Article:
Welcome back to Crochet Basics! We’ve covered how to get started and read a pattern, how to make a slip knot and foundation chain, and now you’re ready to learn some stitches! Once you learn how to crochet these basic stitches, you can start making a fabric! You’ll be equipped to try many beginner crochet patterns, such as blankets, scarves, and much more!
Single Crochet Stitch (sc)
To start Row 1, take your foundation chain in your hand (the one that’s not holding the hook), and insert your hook into the second chain from the hook. Pull the yarn through the stitch so that you have two loops on your hook. Yarn over, and pull the yarn through both of those loops. Voila! Once you’ve completed a row, chain 1 (ch 1) and turn your work over. To start the next row, insert your hook under the first stitch and continue making sc stitches. The stitches look like little v’s, and you want to insert the hook under both strands of yarn in the v, not into th v like you would insert into the stitch on the foundation chain when making Row 1. Remember to ch 1 at the end of every row before turning your work to start the next row.
A half double crochet stitch (hdc) produces a tight fabric, and is in between the height of single crochet (sc) and double crochet (dc). To start, yarn over and insert your hook into the first stitch on the row (or into the 3rd chain from your hook). Pull the yarn up through the stitch so you have 3 loops of yarn on your hook. To complete the stitch, yarn over and pull the yarn through all 3 loops. Before turning your work for the next row, chain 2 (ch 2) when working in hdc. To start the next row, insert your hook into the 3rd chain from your hook, which should be the last stitch from row 1.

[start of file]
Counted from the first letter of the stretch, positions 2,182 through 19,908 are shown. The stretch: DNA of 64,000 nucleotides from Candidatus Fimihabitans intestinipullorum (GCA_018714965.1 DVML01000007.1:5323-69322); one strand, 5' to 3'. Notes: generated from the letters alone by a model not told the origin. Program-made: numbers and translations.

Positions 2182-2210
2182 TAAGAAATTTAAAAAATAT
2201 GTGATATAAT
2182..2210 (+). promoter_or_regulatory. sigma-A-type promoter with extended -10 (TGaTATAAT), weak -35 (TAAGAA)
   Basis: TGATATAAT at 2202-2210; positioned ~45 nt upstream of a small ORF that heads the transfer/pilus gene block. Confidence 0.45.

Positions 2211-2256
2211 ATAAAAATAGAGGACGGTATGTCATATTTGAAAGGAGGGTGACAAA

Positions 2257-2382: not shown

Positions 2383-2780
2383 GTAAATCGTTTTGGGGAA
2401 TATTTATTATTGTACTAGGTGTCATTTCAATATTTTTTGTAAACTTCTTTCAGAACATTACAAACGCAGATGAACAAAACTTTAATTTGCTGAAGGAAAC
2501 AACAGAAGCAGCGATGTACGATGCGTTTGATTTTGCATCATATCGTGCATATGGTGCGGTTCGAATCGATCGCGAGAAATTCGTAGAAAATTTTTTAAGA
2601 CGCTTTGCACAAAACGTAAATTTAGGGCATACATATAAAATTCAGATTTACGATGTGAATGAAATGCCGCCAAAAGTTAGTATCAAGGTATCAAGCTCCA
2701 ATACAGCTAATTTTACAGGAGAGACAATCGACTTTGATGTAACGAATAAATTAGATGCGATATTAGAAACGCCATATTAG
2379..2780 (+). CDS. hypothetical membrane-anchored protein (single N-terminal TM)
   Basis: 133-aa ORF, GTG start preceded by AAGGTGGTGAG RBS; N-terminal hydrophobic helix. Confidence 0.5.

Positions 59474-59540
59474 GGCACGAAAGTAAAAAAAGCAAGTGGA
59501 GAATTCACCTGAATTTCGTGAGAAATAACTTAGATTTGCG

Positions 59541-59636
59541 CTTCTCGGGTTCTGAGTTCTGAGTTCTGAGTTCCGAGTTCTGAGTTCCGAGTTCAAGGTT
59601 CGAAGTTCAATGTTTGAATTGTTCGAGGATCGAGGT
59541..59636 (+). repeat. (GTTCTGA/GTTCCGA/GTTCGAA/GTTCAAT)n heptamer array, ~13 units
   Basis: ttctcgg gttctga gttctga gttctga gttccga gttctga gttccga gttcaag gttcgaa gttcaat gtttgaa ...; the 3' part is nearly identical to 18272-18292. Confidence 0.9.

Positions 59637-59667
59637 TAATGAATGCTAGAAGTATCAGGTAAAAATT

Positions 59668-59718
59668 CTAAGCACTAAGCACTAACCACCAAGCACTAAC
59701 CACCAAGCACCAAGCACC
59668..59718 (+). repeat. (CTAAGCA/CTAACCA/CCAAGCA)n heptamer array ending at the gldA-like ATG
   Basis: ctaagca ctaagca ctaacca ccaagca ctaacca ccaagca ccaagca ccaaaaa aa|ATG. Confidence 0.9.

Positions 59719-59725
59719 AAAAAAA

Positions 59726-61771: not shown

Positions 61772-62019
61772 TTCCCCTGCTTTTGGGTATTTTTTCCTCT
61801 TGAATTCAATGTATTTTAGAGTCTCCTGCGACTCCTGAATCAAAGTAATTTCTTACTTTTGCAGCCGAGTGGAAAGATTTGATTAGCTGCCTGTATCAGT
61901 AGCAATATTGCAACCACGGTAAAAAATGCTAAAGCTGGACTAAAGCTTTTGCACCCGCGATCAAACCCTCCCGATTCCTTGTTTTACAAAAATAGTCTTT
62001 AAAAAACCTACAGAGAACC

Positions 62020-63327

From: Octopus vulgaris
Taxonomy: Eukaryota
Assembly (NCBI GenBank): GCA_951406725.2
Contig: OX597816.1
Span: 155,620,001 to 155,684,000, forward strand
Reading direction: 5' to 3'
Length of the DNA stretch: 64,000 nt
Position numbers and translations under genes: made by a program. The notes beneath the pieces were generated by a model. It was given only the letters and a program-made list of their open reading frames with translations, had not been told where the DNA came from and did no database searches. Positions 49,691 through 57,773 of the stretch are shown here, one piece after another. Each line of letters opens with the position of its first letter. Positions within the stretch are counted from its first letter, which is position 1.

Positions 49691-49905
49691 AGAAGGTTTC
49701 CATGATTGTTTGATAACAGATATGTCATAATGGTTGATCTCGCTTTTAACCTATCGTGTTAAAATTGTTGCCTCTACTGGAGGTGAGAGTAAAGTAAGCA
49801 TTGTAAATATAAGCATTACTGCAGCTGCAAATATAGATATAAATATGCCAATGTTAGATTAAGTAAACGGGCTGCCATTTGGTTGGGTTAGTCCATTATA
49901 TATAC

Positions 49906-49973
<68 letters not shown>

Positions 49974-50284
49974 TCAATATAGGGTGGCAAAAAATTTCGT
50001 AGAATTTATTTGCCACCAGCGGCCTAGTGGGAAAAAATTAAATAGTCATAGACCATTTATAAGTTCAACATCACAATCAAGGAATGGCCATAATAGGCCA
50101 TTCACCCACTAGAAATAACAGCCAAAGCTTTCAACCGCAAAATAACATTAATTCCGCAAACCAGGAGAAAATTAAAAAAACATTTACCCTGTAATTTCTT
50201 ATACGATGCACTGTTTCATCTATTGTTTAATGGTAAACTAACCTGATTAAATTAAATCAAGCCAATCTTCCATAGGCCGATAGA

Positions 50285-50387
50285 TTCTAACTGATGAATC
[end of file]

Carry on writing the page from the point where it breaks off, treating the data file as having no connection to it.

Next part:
To show you the difference in height of the stitches, here are some swatches. The far left is 9 rows of sc, the next swatch is 6 rows of hdc, then 5 rows of double crochet (dc), and far right is 3 rows of treble crochet (tc).
Slip Stitch (sl st)
Slip stitches are used when you want to move across the row without adding height, and are the shortest of all crochet stitches. It’s more of a technique than a stitch. They are also used to secure stitches to make a round. They can be used in seams, and for joining two crocheted fabrics. To create a sl st, insert hook, yarn over and pull through the stitch as well as the loop that’s on your hook. So the stitch is made in one motion… yarn over and pull through the stitch and the loop all at once.
Practice these stitches and make some rows, then you’ll be ready to learn double & treble crochet! -Holly
Credits // Author: Holly Neufeld, Photography: Sarah Rhodes. Video: Jeremy Larson. Photos edited with A Beautiful Mess actions.